See also: -had and háð

EnglishEdit

EtymologyEdit

From Middle English hadde (preterite), yhad (past participle), from Old English hæfde (first and third person singular preterite), ġehæfd (past participle), from Proto-Germanic *habd-, past and past participle stem of *habjaną (to have), equivalent to have +‎ -ed. Cognate with Dutch had, German hatte, Swedish hade, Icelandic hafði.

PronunciationEdit

  • IPA(key): /hæd/
  • (had to): IPA(key): /hæt/
  • (unstressed) IPA(key): /həd/, /əd/
  • (file)
  • Rhymes: -æd

VerbEdit

had

  1. Simple past tense and past participle of have.
    This morning I had an egg for breakfast.
    A good time was had by all.
  2. (auxiliary, followed by a past participle) Used to form the past perfect tense, expressing an action that took place prior to a reference point that is itself in the past.
    I felt sure that I had seen him before.
    • 2011 April 15, Ben Cooper, The Guardian, London:
      Cooper seems an odd choice, but imagine if they had taken MTV's advice and chosen Robert Pattinson?
  3. (auxiliary, now rare) As past subjunctive: would have.
    • 1499, John Skelton, The Bowge of Courte:
      To holde myne honde, by God, I had grete payne; / For forthwyth there I had him slayne, / But that I drede mordre wolde come oute [].
    • 1603, Michel de Montaigne, chapter 4, in John Florio, transl., The Essayes [], book II, London: [] Val[entine] Simmes for Edward Blount [], OCLC 946730821:
      Julius Cæsar had escaped death, if going to the Senate-house, that day wherein he was murthered by the Conspirators, he had read a memorial which was presented unto him.
    • 1849, Alfred, Lord Tennyson, In Memoriam, 24:
      If all was good and fair we met, / This earth had been the Paradise / It never look’d to human eyes / Since our first Sun arose and set.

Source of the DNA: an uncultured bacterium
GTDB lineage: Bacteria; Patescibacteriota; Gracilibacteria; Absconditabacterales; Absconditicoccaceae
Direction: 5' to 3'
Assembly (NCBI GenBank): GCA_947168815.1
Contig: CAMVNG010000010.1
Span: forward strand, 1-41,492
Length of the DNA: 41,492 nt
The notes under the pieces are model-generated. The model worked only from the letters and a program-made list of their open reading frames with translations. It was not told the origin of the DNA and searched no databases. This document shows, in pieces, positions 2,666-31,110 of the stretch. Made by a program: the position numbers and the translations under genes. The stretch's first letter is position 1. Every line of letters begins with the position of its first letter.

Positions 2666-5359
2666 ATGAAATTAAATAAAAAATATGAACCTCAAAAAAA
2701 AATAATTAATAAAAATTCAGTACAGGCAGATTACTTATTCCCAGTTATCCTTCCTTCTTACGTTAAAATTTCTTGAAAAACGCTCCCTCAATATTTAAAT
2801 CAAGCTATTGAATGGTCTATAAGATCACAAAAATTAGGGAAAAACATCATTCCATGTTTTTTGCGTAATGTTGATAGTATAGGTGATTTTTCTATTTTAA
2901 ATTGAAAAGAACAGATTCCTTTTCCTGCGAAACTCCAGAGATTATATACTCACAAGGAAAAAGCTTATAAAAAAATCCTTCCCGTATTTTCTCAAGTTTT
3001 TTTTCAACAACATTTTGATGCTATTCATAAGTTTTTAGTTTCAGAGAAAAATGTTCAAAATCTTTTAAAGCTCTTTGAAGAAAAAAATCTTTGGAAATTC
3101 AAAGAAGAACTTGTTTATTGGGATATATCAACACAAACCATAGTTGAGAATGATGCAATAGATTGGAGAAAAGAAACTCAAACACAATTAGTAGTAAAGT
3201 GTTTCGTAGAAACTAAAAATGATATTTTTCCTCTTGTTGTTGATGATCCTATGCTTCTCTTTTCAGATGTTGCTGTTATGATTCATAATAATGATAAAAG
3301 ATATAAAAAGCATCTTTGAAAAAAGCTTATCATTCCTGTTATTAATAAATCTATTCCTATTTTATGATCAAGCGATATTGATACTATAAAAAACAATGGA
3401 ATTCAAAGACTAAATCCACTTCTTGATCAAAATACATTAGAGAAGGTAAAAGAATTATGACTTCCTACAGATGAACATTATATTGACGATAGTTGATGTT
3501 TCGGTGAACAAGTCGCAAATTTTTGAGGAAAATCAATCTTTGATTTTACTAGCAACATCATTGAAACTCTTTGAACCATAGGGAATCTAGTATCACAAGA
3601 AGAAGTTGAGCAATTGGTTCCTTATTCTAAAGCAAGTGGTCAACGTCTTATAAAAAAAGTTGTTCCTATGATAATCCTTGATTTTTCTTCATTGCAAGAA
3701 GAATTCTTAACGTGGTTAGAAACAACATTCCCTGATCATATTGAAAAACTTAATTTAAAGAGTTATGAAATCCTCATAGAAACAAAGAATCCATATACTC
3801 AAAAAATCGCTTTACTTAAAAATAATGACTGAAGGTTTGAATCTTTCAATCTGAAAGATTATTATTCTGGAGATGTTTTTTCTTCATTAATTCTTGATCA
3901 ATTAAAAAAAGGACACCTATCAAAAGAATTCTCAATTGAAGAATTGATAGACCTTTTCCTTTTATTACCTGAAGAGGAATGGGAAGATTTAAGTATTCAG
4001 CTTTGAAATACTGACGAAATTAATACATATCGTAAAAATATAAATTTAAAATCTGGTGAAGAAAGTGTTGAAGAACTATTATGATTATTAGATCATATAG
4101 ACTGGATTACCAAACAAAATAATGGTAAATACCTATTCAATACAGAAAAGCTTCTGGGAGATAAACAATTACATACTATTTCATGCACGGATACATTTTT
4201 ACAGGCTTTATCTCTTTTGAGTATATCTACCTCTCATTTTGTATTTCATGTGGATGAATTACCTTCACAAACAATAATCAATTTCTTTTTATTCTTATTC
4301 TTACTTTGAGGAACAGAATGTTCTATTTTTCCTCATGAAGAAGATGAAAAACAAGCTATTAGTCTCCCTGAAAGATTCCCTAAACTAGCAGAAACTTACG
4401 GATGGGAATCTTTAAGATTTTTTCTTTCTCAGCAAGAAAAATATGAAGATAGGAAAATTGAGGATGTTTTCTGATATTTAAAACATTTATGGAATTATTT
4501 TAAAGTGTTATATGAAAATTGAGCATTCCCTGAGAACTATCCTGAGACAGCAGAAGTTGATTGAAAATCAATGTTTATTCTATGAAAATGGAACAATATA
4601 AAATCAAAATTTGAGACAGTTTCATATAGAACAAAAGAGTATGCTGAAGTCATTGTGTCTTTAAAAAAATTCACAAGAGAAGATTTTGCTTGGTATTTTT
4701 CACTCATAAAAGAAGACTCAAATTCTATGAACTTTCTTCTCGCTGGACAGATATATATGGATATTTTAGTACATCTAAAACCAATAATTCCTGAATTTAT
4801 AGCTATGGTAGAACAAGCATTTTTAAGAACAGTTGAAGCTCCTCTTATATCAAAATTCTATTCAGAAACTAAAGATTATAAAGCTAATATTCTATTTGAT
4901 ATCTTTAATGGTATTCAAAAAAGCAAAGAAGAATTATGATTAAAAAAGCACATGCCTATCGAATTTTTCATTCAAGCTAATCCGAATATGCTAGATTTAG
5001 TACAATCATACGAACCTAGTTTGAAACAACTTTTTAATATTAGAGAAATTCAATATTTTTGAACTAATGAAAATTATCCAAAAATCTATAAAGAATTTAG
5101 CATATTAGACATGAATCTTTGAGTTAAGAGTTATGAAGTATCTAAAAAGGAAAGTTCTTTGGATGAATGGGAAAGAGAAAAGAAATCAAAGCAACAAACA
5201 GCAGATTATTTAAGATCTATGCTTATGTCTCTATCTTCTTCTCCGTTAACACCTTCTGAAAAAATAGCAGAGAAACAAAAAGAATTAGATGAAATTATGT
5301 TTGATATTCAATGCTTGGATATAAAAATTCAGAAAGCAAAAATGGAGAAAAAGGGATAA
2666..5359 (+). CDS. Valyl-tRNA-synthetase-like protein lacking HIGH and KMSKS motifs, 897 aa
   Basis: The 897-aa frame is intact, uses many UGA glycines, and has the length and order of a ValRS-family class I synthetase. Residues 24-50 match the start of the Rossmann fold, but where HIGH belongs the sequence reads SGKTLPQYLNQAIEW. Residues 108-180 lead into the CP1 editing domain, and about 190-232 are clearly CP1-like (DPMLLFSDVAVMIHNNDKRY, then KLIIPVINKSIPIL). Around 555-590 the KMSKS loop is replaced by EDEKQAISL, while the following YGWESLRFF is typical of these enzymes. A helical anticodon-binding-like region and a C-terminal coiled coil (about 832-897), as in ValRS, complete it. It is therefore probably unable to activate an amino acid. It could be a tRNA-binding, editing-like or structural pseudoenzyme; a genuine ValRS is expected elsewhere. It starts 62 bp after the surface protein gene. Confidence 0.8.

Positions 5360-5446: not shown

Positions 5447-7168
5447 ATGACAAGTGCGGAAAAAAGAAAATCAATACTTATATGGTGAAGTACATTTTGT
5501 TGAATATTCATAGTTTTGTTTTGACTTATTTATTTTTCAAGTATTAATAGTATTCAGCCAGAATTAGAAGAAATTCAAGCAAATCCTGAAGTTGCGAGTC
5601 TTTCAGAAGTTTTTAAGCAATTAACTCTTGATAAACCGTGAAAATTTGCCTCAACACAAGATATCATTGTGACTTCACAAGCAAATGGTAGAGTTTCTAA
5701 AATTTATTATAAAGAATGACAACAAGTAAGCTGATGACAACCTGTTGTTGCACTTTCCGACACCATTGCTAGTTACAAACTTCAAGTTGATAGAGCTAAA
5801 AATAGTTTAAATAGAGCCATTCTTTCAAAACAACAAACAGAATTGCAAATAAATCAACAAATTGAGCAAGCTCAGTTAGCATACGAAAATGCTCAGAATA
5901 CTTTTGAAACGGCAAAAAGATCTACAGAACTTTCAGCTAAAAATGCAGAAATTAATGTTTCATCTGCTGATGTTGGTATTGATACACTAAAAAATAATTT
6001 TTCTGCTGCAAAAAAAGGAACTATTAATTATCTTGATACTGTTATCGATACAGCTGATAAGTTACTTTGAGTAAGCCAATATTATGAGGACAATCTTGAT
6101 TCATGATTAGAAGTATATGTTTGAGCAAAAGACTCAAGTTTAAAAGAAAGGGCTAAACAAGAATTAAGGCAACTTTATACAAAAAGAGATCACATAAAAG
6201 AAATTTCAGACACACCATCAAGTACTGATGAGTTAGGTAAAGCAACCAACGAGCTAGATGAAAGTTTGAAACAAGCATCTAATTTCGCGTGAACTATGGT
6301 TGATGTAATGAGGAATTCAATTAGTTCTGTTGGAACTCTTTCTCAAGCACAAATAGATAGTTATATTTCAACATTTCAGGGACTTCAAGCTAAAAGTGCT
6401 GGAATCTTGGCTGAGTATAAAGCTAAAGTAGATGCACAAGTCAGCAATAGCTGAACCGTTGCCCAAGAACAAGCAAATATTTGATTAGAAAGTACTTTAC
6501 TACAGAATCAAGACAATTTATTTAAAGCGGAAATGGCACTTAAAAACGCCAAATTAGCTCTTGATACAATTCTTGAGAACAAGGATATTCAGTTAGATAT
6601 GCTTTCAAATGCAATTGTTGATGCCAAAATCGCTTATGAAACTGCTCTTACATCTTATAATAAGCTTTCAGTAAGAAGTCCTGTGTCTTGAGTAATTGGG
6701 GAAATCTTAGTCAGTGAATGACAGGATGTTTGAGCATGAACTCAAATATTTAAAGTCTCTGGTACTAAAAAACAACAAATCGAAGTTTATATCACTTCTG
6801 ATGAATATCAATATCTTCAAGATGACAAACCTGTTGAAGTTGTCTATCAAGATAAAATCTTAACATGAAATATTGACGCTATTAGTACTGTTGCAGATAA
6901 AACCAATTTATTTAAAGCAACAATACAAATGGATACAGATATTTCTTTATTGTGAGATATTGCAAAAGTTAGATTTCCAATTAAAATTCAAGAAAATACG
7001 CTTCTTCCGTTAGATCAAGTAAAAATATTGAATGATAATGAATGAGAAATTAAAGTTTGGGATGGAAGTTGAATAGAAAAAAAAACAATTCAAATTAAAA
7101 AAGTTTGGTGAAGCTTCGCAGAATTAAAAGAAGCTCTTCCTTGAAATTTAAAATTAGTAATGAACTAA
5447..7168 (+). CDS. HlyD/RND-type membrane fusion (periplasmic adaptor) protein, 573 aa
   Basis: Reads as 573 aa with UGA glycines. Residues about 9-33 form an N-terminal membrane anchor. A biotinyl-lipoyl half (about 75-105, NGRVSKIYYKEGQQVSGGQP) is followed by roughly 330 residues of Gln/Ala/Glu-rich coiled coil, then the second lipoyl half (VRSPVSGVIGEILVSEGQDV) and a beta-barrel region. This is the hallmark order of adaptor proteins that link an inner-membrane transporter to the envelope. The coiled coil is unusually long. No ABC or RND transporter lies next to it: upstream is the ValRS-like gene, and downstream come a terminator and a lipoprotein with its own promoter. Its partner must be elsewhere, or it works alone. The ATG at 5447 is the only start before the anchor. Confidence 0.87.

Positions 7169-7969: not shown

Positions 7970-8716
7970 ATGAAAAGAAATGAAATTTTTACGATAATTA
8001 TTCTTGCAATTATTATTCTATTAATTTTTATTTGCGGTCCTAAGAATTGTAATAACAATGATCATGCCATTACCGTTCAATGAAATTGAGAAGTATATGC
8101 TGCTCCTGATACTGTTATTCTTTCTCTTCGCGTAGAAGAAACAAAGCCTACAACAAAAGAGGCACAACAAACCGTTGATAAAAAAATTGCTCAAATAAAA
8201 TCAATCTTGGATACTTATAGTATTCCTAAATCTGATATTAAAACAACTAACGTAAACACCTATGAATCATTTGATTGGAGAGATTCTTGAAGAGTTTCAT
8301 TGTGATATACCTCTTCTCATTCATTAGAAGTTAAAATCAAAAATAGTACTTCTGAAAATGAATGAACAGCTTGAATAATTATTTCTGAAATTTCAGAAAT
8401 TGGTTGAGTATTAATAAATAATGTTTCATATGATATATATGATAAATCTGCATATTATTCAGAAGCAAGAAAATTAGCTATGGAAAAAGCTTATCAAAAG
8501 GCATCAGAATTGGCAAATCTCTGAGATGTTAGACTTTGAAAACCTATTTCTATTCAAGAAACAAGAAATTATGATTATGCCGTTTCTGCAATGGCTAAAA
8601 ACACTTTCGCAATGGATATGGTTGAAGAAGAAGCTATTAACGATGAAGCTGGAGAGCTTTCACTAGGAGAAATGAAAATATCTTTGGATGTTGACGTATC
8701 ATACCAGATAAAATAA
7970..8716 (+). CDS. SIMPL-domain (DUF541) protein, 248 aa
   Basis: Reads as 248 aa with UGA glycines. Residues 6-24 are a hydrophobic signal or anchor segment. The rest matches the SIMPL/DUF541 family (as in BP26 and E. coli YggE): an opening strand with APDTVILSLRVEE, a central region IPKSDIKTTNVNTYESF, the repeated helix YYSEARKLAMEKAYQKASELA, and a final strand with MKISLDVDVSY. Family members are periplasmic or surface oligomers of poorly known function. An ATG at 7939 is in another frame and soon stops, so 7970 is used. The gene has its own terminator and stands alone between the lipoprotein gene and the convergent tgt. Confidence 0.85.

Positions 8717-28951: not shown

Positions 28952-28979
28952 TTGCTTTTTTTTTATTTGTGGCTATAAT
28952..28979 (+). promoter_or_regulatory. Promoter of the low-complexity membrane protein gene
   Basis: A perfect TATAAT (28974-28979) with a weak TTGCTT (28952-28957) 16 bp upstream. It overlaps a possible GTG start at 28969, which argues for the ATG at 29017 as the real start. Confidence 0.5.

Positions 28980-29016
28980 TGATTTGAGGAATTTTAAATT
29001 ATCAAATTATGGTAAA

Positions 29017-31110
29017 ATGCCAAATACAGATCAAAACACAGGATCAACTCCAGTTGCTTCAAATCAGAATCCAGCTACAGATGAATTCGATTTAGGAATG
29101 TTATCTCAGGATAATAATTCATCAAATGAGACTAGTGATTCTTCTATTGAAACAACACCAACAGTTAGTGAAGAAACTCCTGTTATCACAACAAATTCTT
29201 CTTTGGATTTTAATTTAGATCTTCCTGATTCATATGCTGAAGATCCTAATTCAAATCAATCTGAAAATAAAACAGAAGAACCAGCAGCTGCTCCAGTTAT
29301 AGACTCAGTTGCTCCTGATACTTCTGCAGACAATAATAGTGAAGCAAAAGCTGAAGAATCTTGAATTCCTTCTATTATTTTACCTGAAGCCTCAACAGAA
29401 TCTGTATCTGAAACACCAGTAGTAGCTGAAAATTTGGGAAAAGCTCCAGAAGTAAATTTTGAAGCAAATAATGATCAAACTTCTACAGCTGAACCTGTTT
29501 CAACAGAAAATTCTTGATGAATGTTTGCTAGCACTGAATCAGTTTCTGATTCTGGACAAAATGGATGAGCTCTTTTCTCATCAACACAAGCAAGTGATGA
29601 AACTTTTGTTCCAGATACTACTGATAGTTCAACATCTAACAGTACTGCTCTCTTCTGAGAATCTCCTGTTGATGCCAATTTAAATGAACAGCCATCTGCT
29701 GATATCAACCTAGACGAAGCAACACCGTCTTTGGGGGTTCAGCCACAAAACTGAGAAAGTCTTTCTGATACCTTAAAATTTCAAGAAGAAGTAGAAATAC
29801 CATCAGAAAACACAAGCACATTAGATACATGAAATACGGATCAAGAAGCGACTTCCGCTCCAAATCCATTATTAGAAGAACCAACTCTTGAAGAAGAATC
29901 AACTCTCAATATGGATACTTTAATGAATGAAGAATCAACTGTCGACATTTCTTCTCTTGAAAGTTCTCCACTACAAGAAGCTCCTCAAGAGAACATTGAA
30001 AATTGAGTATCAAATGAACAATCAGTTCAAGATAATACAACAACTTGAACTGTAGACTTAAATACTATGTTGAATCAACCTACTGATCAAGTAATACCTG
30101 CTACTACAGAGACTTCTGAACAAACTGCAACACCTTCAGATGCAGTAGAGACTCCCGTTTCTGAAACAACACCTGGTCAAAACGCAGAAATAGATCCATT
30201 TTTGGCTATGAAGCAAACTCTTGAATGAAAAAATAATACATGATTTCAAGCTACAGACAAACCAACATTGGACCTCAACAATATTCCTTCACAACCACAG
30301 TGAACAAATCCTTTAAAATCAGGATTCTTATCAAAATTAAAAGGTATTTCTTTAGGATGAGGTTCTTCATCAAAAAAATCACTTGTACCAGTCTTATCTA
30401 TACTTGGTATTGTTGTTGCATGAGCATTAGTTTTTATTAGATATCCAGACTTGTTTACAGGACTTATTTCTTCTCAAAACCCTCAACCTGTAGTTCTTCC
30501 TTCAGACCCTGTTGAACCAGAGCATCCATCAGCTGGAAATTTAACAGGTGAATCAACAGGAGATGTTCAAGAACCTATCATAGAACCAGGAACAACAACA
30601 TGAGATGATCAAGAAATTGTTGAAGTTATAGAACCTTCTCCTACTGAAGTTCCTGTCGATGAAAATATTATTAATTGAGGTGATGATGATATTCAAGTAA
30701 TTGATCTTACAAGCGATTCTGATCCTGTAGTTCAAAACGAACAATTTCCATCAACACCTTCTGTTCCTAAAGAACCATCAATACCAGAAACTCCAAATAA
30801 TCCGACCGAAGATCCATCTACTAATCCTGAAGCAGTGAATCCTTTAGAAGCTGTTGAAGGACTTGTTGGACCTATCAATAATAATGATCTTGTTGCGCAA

Derived termsEdit

Usage notesEdit

Had, like that, is one of a small number of words to be correctly used twice in succession in English in a non-contrived way, e.g. “He had had several operations previously.”

AnagramsEdit


AfrikaansEdit

VerbEdit

had

  1. preterite of ; had

BretonEdit

EtymologyEdit

From Proto-Celtic *satos, from *sh₁-tó-, past participle of Proto-Indo-European *seh₁- (to sow). Cognate with English seed.

NounEdit

had m (plural hadoù)

  1. (botany) seed

Central Cagayan AgtaEdit

PronounEdit

had

  1. (interrogative) where

CzechEdit

 
Czech Wikipedia has an article on:
Wikipedia cs

EtymologyEdit

From Old Czech had, from Proto-Slavic *gadъ.

PronunciationEdit

NounEdit

had m anim

  1. snake

DeclensionEdit

Derived termsEdit

Related termsEdit

Further readingEdit

  • had in Příruční slovník jazyka českého, 1935–1957
  • had in Slovník spisovného jazyka českého, 1960–1971, 1989

DanishEdit

EtymologyEdit

From Old Norse hatr, from Proto-Germanic *hataz, from Proto-Indo-European *keh₂d- (hate).

PronunciationEdit

NounEdit

had n (singular definite hadet, not used in plural form)

  1. hate, hatred

Related termsEdit

VerbEdit

had

  1. imperative of hade

DutchEdit

PronunciationEdit

VerbEdit

had

  1. singular past indicative of hebben

HungarianEdit

EtymologyEdit

From Old Hungarian hodu, from Proto-Ugric *kontə, from Proto-Finno-Ugric *kunta.[1] Cognate with Finnish kunta.

PronunciationEdit

NounEdit

had (plural hadak)

  1. (military) army

DeclensionEdit

Inflection (stem in -a-, back harmony)
singular plural
nominative had hadak
accusative hadat hadakat
dative hadnak hadaknak
instrumental haddal hadakkal
causal-final hadért hadakért
translative haddá hadakká
terminative hadig hadakig
essive-formal hadként hadakként
essive-modal
inessive hadban hadakban
superessive hadon hadakon
adessive hadnál hadaknál
illative hadba hadakba
sublative hadra hadakra
allative hadhoz hadakhoz
elative hadból hadakból
delative hadról hadakról
ablative hadtól hadaktól
non-attributive
possessive - singular
hadé hadaké
non-attributive
possessive - plural
hadéi hadakéi
Possessive forms of had
possessor single possession multiple possessions
1st person sing. hadam hadaim
2nd person sing. hadad hadaid
3rd person sing. hada hadai
1st person plural hadunk hadaink
2nd person plural hadatok hadaitok
3rd person plural haduk hadaik

Derived termsEdit

Compound words

ReferencesEdit

  1. ^ Róna-Tas, András; Berta, Árpád; Károly, László (2011) West Old Turkic: Turkic Loanwords in Hungarian (Turcologica; 84), volume II, Wiesbaden: Harrassowitz Verlag, page 1277